Pregnancy discrimination is against the law in Texas, under both State and Federal law. Employers are prohibited from firing or refusing to hire an employee because of a pregnancy or a pregnancy-related health condition. Discrimination can also occur when an employer refuses to promote an employee based on their pregnancy or otherwise treating an individual differently in the terms and conditions of employment based on their pregnancy. You have rights as an expecting mother in the workplace. Protect those rights with assistance from Javier Perez Law. Our law firm has experience helping pregnant workers with employment-related claims and can help you navigate these difficult situations.
What is the Law?
The Pregnancy Discrimination Act of 1978 and the Texas Commission on Human Rights Act prohibit discrimination based on pregnancy in any aspect of employment, including hiring, firing, pay, job assignments, promotions, layoff, training, fringe benefits, such as leave and health insurance, and any other term or condition of employment.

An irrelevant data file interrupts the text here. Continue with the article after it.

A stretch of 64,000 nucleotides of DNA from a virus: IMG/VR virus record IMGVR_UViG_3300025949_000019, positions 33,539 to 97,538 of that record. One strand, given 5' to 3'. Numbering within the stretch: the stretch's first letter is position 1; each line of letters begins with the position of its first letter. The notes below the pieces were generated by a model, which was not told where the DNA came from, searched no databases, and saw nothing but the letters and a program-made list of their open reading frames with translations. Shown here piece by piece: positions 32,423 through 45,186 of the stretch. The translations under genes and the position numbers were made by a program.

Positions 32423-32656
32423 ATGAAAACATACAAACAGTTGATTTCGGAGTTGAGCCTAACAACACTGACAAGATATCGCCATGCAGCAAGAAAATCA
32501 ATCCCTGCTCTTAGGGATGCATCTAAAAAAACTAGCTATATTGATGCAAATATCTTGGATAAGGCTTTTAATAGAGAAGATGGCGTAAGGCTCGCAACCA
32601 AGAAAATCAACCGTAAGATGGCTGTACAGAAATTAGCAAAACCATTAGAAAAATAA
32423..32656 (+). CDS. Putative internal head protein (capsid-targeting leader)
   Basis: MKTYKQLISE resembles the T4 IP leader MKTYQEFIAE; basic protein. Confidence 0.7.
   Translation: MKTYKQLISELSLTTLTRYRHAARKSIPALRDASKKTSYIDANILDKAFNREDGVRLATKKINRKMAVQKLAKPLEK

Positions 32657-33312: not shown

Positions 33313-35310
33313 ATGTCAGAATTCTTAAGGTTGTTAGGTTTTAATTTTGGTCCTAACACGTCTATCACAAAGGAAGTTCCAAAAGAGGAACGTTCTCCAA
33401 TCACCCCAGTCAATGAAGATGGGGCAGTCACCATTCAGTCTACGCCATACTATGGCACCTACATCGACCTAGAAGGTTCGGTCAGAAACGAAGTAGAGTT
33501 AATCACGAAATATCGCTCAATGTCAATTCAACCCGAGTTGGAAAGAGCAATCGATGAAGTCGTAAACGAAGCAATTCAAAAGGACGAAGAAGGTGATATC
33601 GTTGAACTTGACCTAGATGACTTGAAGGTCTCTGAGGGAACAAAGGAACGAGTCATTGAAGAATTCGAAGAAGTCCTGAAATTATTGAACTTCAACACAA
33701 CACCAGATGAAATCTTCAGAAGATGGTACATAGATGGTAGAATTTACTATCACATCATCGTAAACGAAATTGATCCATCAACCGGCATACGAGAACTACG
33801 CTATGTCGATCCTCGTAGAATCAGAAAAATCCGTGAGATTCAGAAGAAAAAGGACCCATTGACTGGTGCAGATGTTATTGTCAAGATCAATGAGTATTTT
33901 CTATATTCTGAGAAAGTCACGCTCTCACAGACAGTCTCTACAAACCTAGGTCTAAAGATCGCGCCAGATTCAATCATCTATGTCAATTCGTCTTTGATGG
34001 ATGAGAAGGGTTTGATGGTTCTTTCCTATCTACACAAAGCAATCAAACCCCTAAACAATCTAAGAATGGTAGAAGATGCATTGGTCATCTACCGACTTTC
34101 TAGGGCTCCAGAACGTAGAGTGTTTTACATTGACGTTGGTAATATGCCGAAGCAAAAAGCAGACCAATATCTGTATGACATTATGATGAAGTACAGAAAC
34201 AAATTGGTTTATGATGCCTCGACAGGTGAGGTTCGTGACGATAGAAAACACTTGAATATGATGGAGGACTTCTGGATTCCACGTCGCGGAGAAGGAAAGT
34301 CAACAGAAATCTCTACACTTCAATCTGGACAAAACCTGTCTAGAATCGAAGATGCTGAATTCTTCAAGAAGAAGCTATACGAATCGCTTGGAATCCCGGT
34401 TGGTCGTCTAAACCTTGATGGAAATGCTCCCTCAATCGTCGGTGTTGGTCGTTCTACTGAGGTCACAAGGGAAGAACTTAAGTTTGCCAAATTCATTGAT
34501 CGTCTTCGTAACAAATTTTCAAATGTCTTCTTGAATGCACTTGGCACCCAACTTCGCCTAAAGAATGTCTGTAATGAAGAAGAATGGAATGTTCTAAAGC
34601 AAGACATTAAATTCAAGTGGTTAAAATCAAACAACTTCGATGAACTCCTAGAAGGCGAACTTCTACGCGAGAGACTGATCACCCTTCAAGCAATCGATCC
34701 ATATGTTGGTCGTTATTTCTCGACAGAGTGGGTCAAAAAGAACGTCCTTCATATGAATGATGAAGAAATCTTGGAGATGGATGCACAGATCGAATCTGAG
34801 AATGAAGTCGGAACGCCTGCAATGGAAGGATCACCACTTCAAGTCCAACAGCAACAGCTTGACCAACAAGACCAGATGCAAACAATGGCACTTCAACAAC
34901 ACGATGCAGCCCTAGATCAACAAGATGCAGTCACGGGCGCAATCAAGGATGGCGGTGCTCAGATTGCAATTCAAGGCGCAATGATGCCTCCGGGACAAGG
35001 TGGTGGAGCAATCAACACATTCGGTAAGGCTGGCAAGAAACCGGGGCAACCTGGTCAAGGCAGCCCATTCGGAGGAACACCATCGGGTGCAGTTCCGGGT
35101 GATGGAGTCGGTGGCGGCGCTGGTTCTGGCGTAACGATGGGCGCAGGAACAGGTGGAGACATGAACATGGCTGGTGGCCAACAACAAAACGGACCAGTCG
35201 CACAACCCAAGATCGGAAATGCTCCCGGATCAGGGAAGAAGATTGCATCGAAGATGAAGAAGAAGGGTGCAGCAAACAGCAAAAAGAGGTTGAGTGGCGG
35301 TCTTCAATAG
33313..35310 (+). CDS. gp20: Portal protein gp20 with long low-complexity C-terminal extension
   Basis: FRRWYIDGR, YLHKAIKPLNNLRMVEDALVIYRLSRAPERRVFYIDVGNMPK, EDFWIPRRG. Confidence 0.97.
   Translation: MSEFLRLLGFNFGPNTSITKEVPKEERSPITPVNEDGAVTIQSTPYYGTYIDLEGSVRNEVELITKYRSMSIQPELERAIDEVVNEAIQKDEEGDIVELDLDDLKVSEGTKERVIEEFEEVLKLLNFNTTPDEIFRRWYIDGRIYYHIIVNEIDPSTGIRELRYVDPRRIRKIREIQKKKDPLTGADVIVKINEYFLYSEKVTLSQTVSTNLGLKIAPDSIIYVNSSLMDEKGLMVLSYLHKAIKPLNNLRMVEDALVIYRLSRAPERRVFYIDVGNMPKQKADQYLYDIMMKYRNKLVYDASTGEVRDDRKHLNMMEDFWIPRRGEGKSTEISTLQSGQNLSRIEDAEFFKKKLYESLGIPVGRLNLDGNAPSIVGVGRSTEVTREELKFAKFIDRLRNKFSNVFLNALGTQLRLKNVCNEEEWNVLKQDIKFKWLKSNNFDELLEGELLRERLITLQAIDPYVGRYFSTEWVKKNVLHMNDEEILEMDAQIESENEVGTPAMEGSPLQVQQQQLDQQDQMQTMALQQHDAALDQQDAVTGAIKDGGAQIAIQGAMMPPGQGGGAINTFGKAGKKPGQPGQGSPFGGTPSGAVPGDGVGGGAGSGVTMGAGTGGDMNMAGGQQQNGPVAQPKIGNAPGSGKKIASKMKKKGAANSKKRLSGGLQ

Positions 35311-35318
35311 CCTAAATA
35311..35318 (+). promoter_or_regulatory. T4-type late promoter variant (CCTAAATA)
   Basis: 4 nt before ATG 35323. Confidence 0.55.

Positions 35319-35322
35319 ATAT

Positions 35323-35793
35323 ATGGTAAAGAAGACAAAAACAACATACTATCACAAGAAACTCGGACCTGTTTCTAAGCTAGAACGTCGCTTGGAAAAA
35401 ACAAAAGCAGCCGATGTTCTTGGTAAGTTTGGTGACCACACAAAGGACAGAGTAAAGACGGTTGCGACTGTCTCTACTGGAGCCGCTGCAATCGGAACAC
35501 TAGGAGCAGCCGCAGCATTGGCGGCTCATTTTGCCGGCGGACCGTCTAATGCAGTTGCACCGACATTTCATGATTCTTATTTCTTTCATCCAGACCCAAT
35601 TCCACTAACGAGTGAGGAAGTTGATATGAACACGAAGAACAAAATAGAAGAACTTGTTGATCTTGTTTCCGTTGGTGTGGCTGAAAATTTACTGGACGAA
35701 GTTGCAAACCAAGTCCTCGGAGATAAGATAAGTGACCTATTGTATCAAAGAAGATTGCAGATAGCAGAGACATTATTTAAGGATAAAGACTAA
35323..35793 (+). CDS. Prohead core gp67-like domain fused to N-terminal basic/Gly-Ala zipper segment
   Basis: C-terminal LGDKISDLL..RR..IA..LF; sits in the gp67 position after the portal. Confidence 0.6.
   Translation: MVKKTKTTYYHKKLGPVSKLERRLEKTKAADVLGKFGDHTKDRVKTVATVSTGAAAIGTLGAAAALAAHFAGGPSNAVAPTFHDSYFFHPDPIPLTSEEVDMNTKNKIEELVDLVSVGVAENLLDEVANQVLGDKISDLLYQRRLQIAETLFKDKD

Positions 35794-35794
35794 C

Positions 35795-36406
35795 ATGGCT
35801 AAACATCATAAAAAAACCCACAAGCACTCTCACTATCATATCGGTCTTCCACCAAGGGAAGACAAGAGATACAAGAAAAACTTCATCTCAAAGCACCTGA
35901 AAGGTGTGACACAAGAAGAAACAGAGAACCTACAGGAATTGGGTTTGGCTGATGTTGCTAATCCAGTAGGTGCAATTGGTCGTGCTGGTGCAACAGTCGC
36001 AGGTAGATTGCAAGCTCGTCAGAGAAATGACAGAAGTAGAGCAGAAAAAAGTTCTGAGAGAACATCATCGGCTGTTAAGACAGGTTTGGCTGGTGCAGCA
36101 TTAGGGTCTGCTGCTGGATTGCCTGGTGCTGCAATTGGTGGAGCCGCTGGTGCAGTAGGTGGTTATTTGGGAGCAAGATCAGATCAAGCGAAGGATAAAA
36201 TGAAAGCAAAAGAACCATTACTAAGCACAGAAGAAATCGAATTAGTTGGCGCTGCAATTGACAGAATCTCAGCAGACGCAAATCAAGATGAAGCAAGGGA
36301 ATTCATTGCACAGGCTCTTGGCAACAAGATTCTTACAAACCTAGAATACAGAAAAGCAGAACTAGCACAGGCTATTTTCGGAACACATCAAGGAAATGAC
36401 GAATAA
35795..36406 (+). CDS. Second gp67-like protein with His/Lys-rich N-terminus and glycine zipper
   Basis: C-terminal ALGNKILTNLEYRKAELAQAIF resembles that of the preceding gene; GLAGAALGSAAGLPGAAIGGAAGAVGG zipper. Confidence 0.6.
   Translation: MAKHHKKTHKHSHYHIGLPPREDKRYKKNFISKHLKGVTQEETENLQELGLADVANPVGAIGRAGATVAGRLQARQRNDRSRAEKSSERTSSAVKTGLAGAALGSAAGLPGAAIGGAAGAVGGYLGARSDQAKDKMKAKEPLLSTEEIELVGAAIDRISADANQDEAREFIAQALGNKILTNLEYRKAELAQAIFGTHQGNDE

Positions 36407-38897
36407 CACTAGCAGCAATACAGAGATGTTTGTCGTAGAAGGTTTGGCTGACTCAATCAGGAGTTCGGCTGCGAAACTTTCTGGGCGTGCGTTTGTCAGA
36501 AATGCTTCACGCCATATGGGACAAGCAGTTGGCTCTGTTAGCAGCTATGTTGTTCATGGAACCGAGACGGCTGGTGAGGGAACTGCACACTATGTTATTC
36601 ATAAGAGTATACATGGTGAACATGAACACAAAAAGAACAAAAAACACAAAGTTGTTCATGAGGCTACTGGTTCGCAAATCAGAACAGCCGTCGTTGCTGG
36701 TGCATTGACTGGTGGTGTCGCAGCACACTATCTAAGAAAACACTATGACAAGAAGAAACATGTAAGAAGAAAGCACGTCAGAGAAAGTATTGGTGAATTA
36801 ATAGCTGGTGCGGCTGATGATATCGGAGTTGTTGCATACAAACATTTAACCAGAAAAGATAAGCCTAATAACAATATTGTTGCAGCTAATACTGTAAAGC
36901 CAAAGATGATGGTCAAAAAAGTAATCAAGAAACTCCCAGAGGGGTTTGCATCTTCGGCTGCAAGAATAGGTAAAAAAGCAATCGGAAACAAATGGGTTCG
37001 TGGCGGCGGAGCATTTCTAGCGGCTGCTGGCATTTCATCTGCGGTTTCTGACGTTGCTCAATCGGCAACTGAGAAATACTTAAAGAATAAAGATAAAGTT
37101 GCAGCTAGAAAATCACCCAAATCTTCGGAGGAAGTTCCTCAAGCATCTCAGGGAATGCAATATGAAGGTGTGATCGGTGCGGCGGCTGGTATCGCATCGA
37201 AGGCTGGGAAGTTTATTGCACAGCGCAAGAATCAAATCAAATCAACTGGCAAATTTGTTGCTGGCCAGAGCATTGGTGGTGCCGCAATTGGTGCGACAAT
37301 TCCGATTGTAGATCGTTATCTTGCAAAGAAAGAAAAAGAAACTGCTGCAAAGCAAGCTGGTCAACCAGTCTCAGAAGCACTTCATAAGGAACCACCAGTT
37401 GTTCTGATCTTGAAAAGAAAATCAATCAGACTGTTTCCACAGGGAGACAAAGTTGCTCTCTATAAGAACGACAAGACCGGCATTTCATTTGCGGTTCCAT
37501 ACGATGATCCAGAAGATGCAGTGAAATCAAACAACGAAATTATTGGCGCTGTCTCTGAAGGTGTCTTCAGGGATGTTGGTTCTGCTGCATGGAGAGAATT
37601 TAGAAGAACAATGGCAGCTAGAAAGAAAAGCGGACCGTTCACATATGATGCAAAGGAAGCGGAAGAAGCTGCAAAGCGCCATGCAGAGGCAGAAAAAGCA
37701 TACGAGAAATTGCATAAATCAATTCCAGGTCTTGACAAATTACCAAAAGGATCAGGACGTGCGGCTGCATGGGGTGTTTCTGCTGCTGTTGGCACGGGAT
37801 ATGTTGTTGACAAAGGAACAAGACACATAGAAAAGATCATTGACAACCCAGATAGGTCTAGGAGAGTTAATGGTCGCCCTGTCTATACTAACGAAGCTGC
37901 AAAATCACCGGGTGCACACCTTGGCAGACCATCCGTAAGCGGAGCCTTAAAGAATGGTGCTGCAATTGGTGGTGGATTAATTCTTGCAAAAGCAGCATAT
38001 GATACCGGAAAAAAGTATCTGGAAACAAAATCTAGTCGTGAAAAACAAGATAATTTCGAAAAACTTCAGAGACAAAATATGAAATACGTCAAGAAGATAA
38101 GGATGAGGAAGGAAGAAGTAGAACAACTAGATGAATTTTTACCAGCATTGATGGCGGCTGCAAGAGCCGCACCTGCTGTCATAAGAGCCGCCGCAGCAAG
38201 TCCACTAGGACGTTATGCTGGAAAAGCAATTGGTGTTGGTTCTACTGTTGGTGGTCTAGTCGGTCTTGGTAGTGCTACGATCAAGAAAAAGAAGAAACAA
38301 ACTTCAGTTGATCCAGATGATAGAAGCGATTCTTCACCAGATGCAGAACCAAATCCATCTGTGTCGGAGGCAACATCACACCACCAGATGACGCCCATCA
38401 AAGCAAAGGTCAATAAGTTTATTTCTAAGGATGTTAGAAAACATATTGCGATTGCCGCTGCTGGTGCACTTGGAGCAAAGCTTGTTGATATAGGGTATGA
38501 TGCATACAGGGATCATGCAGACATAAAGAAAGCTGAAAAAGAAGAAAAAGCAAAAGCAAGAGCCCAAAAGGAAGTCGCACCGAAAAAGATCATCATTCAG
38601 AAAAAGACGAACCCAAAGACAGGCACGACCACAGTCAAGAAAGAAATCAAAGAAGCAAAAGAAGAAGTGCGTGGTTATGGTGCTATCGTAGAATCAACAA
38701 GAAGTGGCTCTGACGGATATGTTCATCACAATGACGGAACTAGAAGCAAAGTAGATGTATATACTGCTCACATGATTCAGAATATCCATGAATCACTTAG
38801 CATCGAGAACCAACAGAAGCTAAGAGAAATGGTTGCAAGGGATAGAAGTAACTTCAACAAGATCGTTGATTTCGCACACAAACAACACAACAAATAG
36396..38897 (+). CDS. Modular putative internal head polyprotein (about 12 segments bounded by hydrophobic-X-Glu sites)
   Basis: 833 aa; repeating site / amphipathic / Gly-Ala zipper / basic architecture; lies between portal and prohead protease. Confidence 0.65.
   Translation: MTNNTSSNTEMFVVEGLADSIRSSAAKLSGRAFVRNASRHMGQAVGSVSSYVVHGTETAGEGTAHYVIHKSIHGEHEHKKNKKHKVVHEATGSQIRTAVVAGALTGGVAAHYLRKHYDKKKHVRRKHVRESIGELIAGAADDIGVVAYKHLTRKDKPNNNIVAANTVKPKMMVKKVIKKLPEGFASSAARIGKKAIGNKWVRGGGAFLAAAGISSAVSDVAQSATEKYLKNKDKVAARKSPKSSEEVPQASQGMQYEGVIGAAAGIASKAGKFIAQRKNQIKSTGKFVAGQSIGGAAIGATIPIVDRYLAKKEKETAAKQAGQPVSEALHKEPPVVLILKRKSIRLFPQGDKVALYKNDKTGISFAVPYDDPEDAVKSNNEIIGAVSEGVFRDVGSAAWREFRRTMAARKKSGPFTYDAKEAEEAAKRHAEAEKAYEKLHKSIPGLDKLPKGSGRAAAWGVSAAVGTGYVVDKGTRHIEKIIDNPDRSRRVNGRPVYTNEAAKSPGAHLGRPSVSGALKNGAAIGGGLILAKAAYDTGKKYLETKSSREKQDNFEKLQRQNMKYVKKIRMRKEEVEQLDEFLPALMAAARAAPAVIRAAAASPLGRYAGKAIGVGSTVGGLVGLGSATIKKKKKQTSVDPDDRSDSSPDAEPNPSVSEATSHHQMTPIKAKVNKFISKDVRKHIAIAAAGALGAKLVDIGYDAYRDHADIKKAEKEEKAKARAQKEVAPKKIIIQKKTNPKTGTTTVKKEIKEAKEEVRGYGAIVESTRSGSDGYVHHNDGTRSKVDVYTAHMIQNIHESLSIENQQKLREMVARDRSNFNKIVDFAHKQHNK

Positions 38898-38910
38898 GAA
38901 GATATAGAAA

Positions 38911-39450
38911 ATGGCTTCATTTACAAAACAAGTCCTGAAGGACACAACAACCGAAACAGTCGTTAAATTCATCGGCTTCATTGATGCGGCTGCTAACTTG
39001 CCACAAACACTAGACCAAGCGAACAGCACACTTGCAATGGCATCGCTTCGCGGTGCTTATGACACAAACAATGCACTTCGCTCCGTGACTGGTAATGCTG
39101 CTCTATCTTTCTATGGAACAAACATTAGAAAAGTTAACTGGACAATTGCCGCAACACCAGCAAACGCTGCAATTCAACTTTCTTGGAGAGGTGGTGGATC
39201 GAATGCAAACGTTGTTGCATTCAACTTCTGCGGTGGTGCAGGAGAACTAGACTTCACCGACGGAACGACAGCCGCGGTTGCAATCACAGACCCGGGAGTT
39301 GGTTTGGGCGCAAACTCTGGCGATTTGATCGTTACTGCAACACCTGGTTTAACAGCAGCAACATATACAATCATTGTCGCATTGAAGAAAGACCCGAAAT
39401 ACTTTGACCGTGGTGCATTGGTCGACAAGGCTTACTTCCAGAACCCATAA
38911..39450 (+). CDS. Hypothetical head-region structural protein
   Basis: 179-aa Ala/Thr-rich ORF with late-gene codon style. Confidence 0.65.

If an expecting mother is temporarily unable to perform her job due to a medical condition related to pregnancy or childbirth, the employer must treat her in the same way as it treats any other temporarily disabled employee. The employer may have to provide light duty, alternative assignments, disability leave, or unpaid leave to pregnant employees.
Medical conditions related to pregnancy, like Impairments resulting from pregnancy gestational diabetes or preeclampsia, may be disabilities under the Americans with Disabilities Act (ADA). An employer may have to provide a reasonable accommodation (such as leave or modifications that enable an employee to perform her job) for a disability related to pregnancy, absent undue hardship (significant difficulty or expense).
Finally, an employer is prohibited from subjecting a pregnant employee to harassment because of pregnancy, childbirth, or a medical condition related to pregnancy or childbirth. Harassment is illegal when it is so frequent or severe that it creates a hostile or offensive work environment. Unlawful harassment can come from the employee's supervisor, a supervisor in another area, a co-worker, or someone who is not an employee of the employer, such as a client or customer if the employer is aware of it.
Proving Pregnancy Discrimination
As with other forms of employment discrimination, these claims require the individual to prove that they were treated unfavorably because of their pregnancy or pregnancy-related condition. This can be done using negative remarks or comments that relate to the employee's pregnancy or pregnancy-related conditions, , or through showing a difference in treatment when compared with others who are not pregnant or do not have the same pregnancy-related conditions.